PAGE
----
# Diagonal Crossing

#### mathmaniac

##### Active member
Challenge:
How many boxes are crossed by a diagonal of an 800 X 200 rectangle?

Solution with proof required...

#### caffeinemachine

##### Well-known member
MHB Math Scholar
Challenge:
How many boxes are crossed by a diagonal of an 800 X 200 rectangle?

Solution with proof required...

Hello Mathmaniac
I don't understand the question. What us meant by 'boxes are crossed'.

Also, if this is a challenge problem then shouldn't this go in the 'Challenge and Puzzles' forum?

#### MarkFL

Staff member
Yes, I sent the OP a VM asking if this is a challenge or if it is a problem for which he needs help shortly after it was posted, but have not gotten a response yet. Once the matter is settled, I will move it if need be, then remove this post so that the topic is not cluttered.

#### mathmaniac

##### Active member
I don't understand the question. What us meant by 'boxes are crossed'.
Here is an example:

The boxes inside the rectangle are meant to be squares....

#### MarkFL

Staff member
Its a challenge,Mark...
I have thus moved the topic to the Challenge Questions and Puzzles sub-forum. I know you used the word "Challenge" but wanted to make sure it fit the criteria, i.e., you have the correct solution ready to post in the event no one solves it.

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Yes!!!

#### Bacterius

##### Well-known member
MHB Math Helper
[JUSTIFY]The rectangle is made of $800 \times 200$ "boxes". The diagonal thus has gradient $\pm \frac{200}{800} = \pm \frac{1}{4}$, where a "box" has unit dimensions. Note the diagonal starts at the top left corner of the top-left-most box. This is important. So, after 4 units of width travelled, the diagonal will intersect the top left corner of another box:[/JUSTIFY]

[JUSTIFY]And this section of the diagonal intersects four boxes. Since the rectangle is 800 boxes wide, this section of the diagonal will repeat $\frac{800}{4} = 200$ times, and so the diagonal intersects $4 \times 200 = 800$ boxes.[/JUSTIFY]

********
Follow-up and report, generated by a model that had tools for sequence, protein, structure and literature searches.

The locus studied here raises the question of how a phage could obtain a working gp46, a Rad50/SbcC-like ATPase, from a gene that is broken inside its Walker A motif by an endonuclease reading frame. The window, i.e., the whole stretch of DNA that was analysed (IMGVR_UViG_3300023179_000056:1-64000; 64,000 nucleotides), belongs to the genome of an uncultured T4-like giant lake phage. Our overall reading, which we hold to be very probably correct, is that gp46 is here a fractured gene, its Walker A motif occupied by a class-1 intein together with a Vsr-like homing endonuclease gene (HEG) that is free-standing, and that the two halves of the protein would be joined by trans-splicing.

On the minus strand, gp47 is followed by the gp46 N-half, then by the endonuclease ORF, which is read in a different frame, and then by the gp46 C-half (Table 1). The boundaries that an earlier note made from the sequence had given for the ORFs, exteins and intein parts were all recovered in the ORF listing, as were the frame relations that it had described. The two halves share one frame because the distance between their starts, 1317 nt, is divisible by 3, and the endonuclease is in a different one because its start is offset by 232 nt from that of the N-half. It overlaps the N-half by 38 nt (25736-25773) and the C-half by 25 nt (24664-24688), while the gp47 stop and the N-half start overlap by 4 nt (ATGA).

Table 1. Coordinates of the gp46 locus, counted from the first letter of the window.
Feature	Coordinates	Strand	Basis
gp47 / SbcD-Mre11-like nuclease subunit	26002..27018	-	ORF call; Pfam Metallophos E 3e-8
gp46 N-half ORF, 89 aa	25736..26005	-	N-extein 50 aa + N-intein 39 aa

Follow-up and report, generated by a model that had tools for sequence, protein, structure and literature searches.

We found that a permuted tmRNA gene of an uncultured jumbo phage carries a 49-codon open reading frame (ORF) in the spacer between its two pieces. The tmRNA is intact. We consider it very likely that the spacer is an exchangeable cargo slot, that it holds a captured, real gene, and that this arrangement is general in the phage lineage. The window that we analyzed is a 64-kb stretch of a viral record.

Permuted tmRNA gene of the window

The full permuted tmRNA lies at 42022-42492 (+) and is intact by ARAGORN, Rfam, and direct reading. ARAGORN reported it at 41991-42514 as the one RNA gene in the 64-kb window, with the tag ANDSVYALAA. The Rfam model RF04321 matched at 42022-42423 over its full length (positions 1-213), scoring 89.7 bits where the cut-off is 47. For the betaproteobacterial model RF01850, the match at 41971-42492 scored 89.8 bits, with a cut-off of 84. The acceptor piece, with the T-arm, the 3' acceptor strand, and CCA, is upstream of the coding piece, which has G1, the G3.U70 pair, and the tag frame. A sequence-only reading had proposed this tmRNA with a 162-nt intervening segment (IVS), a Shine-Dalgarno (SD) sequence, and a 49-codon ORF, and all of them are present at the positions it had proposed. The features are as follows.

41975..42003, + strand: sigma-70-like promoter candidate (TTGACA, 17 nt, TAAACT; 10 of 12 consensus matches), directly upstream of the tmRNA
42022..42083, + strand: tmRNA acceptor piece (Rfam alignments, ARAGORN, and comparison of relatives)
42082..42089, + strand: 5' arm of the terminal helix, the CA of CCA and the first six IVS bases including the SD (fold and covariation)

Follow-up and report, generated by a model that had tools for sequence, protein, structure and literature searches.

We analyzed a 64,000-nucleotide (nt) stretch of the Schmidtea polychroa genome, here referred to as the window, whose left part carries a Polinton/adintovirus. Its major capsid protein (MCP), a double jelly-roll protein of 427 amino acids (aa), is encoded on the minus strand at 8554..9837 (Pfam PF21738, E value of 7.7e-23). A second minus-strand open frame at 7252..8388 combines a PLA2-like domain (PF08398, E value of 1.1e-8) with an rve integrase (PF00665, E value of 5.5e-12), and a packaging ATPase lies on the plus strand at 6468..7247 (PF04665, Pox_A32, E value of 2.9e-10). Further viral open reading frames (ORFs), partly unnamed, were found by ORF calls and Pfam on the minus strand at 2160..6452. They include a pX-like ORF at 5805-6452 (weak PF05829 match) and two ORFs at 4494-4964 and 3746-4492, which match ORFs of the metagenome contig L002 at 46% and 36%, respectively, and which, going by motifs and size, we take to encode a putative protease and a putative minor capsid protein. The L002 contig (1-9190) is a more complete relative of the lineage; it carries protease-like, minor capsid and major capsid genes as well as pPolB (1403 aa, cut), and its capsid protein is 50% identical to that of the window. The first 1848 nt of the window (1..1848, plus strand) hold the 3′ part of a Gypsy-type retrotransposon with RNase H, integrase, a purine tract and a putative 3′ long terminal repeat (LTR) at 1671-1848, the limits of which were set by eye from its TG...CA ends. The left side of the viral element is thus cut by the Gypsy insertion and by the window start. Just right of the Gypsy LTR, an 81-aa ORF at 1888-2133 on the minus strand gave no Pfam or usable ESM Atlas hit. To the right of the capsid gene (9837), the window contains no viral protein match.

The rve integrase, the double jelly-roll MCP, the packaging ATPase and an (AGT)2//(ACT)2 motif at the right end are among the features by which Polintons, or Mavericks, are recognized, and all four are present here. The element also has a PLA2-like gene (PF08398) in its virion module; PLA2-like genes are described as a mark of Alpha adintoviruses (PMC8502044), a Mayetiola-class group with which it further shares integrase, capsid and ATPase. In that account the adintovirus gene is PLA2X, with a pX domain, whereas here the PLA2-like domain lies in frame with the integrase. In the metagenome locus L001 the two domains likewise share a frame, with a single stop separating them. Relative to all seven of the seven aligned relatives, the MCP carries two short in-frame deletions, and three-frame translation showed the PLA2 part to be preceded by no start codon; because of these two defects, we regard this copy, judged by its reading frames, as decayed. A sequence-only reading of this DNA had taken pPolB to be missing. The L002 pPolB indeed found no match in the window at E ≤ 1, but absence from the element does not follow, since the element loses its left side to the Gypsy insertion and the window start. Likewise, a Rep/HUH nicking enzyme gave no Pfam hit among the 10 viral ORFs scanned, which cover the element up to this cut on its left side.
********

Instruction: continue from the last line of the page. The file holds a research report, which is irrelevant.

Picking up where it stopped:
[HR][/HR]

[JUSTIFY]A more interesting problem is to consider a rectangle of dimensions $p \times q$ where $p$ and $q$ are distinct primes. Then the diagonal never intersects the top-left corner of a box within the rectangle, and a different approach is called for:[/JUSTIFY]

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#### mathmaniac

##### Active member
Thats right,Bacterius...
And can you show your approach for distinct primes?

#### Bacterius

##### Well-known member
MHB Math Helper
Thats right,Bacterius...
And can you show your approach for distinct primes?
[JUSTIFY]It's simple enough, in fact. Because we know that the diagonal will, in this case, never intersect a corner, we can count the number of boxes crossed by simply counting the number of times the diagonal intersects both the vertical sides and the horizontal sides of the boxes. The diagonal will intersect $p - 1$ horizontal sides, and $q - 1$ vertical sides, simply by virtue of being a line crossing the rectangle from top-left to bottom-right (or top-right to bottom-left).

But not so fast - the diagonal always starts inside the rectangle, and so automatically intersects the top-left box (or whichever corner of the rectangle you start your diagonal from), which we haven't yet considered, giving a total of $(p - 1) + (q - 1) + 1 = p + q - 1$ boxes intersected. Checking with the diagram above gives $11 = 7 + 5 - 1$ boxes intersected, as expected.

Not very rigorous, just a proof sketch showing the general approach.[/JUSTIFY]

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#### mathmaniac

##### Active member
Here we have a winner!!!